Carbonic anhydrase inhibitors. Inhibition of the beta-class enzyme from the methanoarchaeon Methanobacterium thermoautotrophicum (Cab) with anions

Alessio Innocenti, Sabrina Zimmerman, James Ferry, Andrea Scozzafava, Claudiu Supuran

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46 Scopus citations

Abstract

The first inhibition study of the β-class carbonic anhydrase (CA, EC 4.2.1.1) from the methanoarchaeon Methanobacterium thermoautotrophicum (Cab) with anions is reported here. Inhibition data of the α-class human isozymes hCA I and hCA II (cytosolic) as well as the membrane-bound isozyme hCA IV and the γ-class enzyme from another archaeon, Methanosarcina thermophila (Cam) with a large number of anionic species such as halides, pseudohalides, bicarbonate, carbonate, nitrate, nitrite, hydrosulfide, bisulfite, sulfate, etc., are also provided for comparison. The best Cab anion inhibitors were thiocyanate and hydrogen sulfide, with inhibition constants in the range of 0.52-0.70 mM, whereas cyanate, iodide, carbonate, and nitrate were weaker inhibitors (K i's in the range of 7.8-13.2 mM). Fluoride, chloride, and sulfate do not inhibit this enzyme appreciably, whereas the CA substrate bicarbonate, or other anions, such as bromide, nitrite, bisulfite, or sulfamate behave as weak inhibitors (K i in the range of 40-45 mM). It is interesting to note that the metal poison, coordinating anions cyanide and azide are also rather weak Cab inhibitors (K i in the range of 27-55 mM), whereas sulfamide is a very weak Cab inhibitor (K i of 103 mM), although it strongly inhibits Cam (K i of 70 μM). Surprisingly, phenylboronic and phenylarsonic acids, which have been investigated for the inhibition of all these CAs for the first time, showed very weak activity against the α-CA isozymes, but were effective Cab and Cam inhibitors. The best Cab inhibitors were just these two compounds (K i's of 0.20-0.33 mM), whereas the best Cam inhibitor was sulfamic acid (K i of 96 nM). These major differences of behavior between the diverse CAs investigated here toward anion inhibitors can be difficultly explained considering the convergent evolution of so diverse enzymes for the binding and turnover of small molecules such as carbon dioxide and anions.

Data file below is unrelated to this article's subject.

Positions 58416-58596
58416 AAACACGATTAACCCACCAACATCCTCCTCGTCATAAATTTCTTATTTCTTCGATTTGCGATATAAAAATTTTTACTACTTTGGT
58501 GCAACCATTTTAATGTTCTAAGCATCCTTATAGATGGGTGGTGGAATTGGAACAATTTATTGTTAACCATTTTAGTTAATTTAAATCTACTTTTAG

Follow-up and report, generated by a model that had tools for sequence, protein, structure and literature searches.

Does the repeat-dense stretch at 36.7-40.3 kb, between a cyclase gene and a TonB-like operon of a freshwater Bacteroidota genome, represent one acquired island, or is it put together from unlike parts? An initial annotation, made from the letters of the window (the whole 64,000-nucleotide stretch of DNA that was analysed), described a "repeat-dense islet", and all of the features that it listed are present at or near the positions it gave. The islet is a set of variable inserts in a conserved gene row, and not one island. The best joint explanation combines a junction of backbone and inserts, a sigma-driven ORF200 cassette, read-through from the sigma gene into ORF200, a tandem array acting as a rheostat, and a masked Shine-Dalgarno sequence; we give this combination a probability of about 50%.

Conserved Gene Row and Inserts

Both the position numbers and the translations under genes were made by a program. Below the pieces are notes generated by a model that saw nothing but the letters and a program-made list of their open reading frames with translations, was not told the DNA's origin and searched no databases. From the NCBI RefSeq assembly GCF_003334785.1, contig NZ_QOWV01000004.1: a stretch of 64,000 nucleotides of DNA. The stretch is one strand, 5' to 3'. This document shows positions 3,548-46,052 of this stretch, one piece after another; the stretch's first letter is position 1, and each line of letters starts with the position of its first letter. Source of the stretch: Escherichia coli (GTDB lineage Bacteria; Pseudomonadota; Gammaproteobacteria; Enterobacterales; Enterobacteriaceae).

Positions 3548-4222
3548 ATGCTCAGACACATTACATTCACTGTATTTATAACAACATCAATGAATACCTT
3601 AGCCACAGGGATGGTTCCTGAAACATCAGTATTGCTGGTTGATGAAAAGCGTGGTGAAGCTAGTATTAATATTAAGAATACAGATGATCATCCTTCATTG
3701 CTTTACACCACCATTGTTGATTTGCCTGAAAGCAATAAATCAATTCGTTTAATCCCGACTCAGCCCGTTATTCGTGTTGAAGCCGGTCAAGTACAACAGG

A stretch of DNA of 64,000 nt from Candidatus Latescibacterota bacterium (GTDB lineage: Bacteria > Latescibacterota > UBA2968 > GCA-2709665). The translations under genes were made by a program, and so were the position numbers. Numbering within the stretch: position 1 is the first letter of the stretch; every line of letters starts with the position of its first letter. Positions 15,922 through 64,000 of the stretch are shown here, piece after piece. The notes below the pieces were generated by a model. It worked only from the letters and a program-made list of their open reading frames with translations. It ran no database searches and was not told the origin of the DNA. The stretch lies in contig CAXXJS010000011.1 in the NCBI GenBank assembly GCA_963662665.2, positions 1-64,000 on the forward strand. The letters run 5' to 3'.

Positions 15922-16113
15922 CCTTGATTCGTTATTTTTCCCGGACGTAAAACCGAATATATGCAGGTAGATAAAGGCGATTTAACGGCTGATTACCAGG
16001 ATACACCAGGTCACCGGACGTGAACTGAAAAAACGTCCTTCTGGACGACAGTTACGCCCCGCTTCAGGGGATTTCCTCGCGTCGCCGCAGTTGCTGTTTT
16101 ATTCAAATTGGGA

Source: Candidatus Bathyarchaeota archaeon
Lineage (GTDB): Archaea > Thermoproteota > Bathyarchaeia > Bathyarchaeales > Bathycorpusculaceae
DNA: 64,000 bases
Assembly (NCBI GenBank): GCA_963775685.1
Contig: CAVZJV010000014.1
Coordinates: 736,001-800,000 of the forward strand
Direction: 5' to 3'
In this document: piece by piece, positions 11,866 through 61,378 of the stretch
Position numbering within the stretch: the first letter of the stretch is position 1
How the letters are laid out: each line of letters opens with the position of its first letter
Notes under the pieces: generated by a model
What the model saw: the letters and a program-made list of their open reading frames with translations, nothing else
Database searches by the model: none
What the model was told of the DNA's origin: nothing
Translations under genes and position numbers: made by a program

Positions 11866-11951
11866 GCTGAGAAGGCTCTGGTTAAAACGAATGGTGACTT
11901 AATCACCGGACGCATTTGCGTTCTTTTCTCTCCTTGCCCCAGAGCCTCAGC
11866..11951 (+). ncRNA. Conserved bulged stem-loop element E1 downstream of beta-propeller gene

Original languageEnglish (US)
Pages (from-to)4563-4567
Number of pages5
JournalBioorganic and Medicinal Chemistry Letters
Volume14
Issue number17
DOIs
StatePublished - Sep 6 2004

All Science Journal Classification (ASJC) codes

  • Biochemistry
  • Molecular Medicine
  • Molecular Biology
  • Pharmaceutical Science
  • Drug Discovery
  • Clinical Biochemistry
  • Organic Chemistry

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